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Avoiding Adverse Health Impacts from Contaminated Vegetables: Options for Three Wetlands in Phnom Penh, Cambodia  

Avoiding Adverse Health Impacts from Contaminated Vegetables: Options for Three Wetlands in Phnom Penh, Cambodia

Farmers in several wetlands near Phnom Penh make a good living by growing vegetables and selling them in local markets for human consumption. These vegetables, however, pose serious health hazards to consumers, since they are grown using wastewater, much of it polluted with heavy metals from industries. This study examines five options to induce farmers to cease vegetable production, while preserving their livelihoods. The options were designed to be roughly equal in effectiveness; their costs were then compared to identify the least costly method of achieving the stated objective. Each option includes a public awareness campaign to warn consumers that the consumption of vegetables grown in polluted wetlands poses serious health risks. . In the first of these options, the Compensation Option, the Municipality of Phnom Penh gives each farmer USD 4 for each square meter of farmed land if they cease vegetable production. The average total annual cost to the Municipality is about USD 100,850 over a 20-year period at a 10% discount rate (Table 15). . Other options involve the relocation of farmers to new agricultural lands that draw irrigation water either from a river (Relocation Option 1), or from treated household wastewater (Relocation Option 2). These options offer farmers a financial package in term of investment and infrastructure costs. The average total annual costs (to the Municipality) of Relocation Options 1 and 2 would be USD 70,091 and USD 71,115 respectively over a 20-year period. . The other alternatives consist of converting vegetable farms into non-edible production areas, or industrial zones (Conversion Options 1 and 2). Their annual costs for the Municipality are not significantly different; USD 166,021, and USD 169,076 respectively over a 20-year period. The affected farmers would each receive a financial package to assist them in securing new jobs. A cost-effectiveness analysis was used to estimate the incremental net costs relative to the base case scenario. The net costs of the five options were then ranked to identify the one with the lowest incremental net costs. There was no assessment of the monetary value of environmental and health impacts in the base case scenario. . Relocation Option 2 turned out to be the most cost-effective, followed by Relocation Option 1, and Conversion Option 1. An average individual farmer?s net benefits in the new agricultural lands was estimated at about USD 7,868 in Relocation Option 2 compared with USD 1,686 in the base case scenario (see Table 19). A sensitivity analysis showed that Relocation Option 2 ranked first even if various assumptions about costs, vegetable prices and discount rates were varied.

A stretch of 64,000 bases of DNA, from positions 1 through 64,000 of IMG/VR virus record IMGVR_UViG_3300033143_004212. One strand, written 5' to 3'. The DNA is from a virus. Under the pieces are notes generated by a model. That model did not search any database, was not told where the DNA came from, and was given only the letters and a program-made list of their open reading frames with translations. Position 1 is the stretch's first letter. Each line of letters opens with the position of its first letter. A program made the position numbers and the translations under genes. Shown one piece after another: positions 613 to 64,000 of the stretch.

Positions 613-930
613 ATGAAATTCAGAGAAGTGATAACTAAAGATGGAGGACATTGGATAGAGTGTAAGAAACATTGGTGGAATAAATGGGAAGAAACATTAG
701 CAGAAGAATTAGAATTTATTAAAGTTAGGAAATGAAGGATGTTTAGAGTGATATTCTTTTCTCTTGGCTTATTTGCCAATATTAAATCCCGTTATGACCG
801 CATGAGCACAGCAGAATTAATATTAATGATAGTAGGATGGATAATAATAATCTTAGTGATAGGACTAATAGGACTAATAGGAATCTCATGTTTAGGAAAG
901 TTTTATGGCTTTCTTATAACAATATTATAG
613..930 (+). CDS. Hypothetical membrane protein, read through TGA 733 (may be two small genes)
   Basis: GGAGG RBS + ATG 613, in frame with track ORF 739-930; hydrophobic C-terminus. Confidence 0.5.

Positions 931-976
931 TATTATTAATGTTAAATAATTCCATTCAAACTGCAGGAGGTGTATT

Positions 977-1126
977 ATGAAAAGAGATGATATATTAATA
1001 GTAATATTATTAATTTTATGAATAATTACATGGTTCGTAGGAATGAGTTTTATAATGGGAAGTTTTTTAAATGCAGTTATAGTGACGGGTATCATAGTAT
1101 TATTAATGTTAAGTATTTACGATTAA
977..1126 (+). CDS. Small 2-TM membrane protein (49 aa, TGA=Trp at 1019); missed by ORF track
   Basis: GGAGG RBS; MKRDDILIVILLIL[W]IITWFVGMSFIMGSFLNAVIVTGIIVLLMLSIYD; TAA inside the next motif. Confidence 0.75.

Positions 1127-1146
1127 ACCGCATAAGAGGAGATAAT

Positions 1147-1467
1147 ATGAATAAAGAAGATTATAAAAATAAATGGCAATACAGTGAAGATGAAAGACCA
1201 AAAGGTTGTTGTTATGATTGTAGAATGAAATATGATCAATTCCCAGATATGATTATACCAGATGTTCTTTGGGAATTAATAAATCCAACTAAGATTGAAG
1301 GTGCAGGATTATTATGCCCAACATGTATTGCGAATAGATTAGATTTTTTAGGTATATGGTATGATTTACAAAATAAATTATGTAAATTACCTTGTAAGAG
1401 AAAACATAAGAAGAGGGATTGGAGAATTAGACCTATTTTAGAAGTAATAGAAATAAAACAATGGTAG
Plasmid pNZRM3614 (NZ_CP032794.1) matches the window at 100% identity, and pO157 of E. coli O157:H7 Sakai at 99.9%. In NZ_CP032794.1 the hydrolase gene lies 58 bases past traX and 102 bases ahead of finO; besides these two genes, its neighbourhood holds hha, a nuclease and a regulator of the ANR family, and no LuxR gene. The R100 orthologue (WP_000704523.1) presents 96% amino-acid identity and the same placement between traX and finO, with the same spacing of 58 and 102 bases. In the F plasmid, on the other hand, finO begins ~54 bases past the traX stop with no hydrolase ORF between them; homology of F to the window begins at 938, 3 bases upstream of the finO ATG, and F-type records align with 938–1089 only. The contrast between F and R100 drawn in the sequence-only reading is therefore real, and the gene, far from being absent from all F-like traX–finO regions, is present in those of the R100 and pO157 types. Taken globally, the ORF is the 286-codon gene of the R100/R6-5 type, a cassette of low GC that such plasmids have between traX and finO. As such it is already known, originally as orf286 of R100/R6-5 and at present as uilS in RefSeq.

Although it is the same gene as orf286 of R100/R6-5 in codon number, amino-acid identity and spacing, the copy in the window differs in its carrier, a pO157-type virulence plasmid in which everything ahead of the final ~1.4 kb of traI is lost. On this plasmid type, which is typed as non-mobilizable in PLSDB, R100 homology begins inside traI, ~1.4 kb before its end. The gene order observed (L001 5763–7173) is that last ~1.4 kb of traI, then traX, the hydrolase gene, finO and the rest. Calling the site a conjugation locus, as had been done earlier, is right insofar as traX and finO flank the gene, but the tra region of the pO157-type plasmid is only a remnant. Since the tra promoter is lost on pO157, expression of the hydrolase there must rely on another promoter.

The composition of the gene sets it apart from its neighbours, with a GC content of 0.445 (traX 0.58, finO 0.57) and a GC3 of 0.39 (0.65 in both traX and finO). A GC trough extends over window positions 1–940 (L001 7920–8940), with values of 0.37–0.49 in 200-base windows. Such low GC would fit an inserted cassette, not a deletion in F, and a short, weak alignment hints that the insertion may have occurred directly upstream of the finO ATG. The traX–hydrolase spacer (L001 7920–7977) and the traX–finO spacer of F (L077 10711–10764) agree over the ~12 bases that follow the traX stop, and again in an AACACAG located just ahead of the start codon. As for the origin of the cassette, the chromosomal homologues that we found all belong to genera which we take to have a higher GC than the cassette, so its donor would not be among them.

Published by: Economy & Environment Program for South East Asia -
Uploaded on: Jun 2005
File size: 657 KB - Language: English
Keyword(s): Financial Mechanisms And Incentives , Watershed Management
Category: Health

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